2.2.5 Dynamic Line Management
Dynamic Line Management (DLM) is employed in GEA-FTTC. DLM constantly manages lines to maintain a target stability. It does this for as long as the product exists.

At provision, the line is put on wide open profiles, allowing downstream line speeds of up to 40Mbit/s, and upstream line speeds of up to 2Mbit/s or 10Mbit/s depending on the upstream product option selected.

On the first day of operation, DLM will intervene if severe instability is detected. Otherwise, DLM will wait until the day after provision before intervening, provided that the line has been trained up for at least 15 minutes during the preceding day. If DLM intervenes it will set a capped profile with a maximum rate and a minimum rate, where the minimum rate is set at approximately half of the maximum rate.

The purpose of the minimum rate is to ensure that the line does not train at a rate which is significantly below the level the line should be able to achieve. If this happened, then the line is likely to remain at a very low rate till a re-train is forced by the user powering off the Active NTE.

Note that the upstream throughput is also constrained on the DSLAM to the upstream rate requested in the order, ie 2Mbit/s or 10Mbit/s, so even if the upstream line speed is higher, the upstream throughput is constrained to the level ordered for the product.
The setting of a maximum and minimum rate is what is commonly called "Banding". For some odd reason that can only be removed by an engineer visit. It is a setting that it done remotely by them ringing up to request it.

My broadband basic info/help site - www.robertos.me.uk
My domains,website and mail hosting - Tsohost. Internet connection - Plusnet Value Fibre 80/20 trial.

"Where talent is a dwarf, self-esteem is a giant." - Jean-Antoine Petit-Senn.
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Standard User RobertoS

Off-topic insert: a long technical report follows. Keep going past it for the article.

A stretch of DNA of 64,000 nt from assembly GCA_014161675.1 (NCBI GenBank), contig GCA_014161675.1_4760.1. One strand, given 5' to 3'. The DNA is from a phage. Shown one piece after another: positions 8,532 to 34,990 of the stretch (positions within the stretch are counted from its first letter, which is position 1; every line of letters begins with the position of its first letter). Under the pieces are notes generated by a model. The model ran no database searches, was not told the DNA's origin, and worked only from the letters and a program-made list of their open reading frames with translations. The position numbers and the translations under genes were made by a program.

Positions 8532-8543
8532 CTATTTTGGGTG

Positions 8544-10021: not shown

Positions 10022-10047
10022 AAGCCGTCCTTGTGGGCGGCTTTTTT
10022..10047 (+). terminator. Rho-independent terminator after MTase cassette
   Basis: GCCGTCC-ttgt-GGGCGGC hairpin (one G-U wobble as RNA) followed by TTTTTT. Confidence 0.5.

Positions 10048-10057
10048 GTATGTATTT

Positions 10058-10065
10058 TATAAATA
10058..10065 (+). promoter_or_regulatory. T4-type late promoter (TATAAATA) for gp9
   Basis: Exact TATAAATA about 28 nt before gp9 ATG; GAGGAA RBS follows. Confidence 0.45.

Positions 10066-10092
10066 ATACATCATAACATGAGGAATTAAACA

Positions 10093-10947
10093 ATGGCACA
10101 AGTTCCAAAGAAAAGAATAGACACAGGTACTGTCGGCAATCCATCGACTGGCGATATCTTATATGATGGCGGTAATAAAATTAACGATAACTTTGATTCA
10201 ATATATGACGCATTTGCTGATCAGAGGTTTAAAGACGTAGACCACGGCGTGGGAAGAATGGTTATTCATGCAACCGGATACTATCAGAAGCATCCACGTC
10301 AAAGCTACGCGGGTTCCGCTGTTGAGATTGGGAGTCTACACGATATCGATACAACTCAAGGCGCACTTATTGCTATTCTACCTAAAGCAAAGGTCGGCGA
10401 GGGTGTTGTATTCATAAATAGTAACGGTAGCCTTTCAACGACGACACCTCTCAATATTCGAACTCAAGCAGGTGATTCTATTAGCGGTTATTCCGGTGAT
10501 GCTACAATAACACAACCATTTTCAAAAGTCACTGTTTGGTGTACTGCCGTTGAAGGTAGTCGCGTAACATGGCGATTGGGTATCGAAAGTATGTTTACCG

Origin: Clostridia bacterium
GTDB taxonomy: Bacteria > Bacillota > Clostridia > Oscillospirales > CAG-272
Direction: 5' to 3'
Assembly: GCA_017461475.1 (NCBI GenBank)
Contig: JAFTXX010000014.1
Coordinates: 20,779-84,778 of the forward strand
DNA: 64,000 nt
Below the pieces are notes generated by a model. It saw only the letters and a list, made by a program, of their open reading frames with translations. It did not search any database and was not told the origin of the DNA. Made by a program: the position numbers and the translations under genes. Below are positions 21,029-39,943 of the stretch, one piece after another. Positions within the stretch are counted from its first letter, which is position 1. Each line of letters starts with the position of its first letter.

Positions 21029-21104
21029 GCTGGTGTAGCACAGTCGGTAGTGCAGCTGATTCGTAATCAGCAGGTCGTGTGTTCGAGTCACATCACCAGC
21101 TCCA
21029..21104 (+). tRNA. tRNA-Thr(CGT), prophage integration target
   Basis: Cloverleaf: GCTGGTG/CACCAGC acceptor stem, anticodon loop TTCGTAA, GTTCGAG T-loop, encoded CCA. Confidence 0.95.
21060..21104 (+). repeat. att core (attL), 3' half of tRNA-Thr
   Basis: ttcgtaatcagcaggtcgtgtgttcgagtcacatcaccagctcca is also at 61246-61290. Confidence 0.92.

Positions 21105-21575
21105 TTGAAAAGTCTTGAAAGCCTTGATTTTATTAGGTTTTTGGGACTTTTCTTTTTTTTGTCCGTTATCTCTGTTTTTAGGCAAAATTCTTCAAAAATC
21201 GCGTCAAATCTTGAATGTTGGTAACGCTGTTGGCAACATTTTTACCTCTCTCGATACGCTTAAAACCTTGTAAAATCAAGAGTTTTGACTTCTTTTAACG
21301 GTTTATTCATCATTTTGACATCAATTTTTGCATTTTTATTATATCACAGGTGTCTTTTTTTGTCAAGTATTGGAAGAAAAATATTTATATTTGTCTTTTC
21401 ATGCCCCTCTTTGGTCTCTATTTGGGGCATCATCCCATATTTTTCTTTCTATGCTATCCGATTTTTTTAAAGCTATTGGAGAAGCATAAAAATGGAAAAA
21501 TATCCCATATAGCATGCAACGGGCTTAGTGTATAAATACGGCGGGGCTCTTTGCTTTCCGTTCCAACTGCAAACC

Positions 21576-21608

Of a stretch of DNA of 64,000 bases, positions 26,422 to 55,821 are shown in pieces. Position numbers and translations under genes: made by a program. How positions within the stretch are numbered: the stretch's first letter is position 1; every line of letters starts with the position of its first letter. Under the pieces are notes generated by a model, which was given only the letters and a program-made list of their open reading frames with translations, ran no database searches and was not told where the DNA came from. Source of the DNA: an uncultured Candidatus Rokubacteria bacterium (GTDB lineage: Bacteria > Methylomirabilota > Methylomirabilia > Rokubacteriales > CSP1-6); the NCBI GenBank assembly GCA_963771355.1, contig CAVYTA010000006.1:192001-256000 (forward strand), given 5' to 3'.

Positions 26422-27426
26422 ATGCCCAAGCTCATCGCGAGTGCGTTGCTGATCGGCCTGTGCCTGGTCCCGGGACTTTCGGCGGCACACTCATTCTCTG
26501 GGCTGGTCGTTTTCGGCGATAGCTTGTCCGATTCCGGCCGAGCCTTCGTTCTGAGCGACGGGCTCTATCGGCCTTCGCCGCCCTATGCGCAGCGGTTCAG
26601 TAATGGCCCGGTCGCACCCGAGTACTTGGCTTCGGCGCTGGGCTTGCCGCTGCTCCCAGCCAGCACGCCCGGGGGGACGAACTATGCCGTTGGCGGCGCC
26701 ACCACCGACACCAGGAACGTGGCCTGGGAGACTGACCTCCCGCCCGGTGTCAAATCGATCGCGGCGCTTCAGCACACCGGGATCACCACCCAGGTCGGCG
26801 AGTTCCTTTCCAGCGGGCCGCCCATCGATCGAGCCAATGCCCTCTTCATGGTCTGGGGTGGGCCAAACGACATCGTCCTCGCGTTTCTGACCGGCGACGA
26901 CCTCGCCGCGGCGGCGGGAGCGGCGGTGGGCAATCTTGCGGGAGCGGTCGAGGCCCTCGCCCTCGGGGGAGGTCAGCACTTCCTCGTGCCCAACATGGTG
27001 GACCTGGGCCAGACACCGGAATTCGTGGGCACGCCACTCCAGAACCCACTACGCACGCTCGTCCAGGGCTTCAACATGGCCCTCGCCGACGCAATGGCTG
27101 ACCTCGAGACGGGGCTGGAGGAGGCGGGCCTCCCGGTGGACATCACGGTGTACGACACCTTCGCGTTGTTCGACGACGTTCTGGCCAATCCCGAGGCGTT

(sensei) Thu 12-Jul-12 14:44:55
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Re: Infinity Power Cycle


[re: MHC] [link to this post]
 
In reply to a post by MHC:
You could turn off the router and just leave the modem powered up. It will consume very little power in the quiescent state - just small amounts of management traffic.
In a way yes. In a way no.

The 10-day period arises from the BT Wholesale DLM, that is still used to create an IP Profile for WBC. Turning off the router is going to detach the line from that. So if the router is turned off, there is no harm in turning off the modem, as that has a 2-day period as posted above and frequently in the past.

Having said that, the BT Wholesale 10-day period is bunkum in relation to FTTC, and pretty much so in relation to ADSLx. I would turn the lot off.

My broadband basic info/help site - www.robertos.me.uk
My domains,website and mail hosting - Tsohost. Internet connection - Plusnet Value Fibre 80/20 trial.

"Where talent is a dwarf, self-esteem is a giant." - Jean-Antoine Petit-Senn.
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Standard User Andrue
(knowledge is power) Thu 12-Jul-12 14:48:21
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Re: Infinity Power Cycle


[re: simon194] [link to this post]
 
In reply to a post by simon194:
In reply to a post by greenglide:
But if you switch it off and leave it off it should be fine. Multiple drop-outs are the thing that the DLM ought to be looking for.

I don't think anyone seriously beleives in the mystical "ten day training period" on FTTC but I don't think OR have ever disclosed exactly how the DLM works.

There's a bit of info in SIN498, more and overview really, but it says:

"Dynamic Line Management (DLM) is employed in GEA-FTTC. DLM constantly manages lines to maintain a target stability. It does this for as long as the product exists."

Sort of makes the 10 day thing a bit of a myth. smile
Day of the installation.

Ten days later.

Hmmm.

NB:I didn't create the TBBQM until an hour or so after installation (had more fun things to do, lol). So it looks like that latency change occurred 10 days to the hour after it went live. But only BT really know the answer. And even that's an optimistic assumption laugh

---
Andrue Cope
Brackley, UK

Just because he can smile
Standard User jchamier
(knowledge is power) Thu 12-Jul-12 16:08:50
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Re: Infinity Power Cycle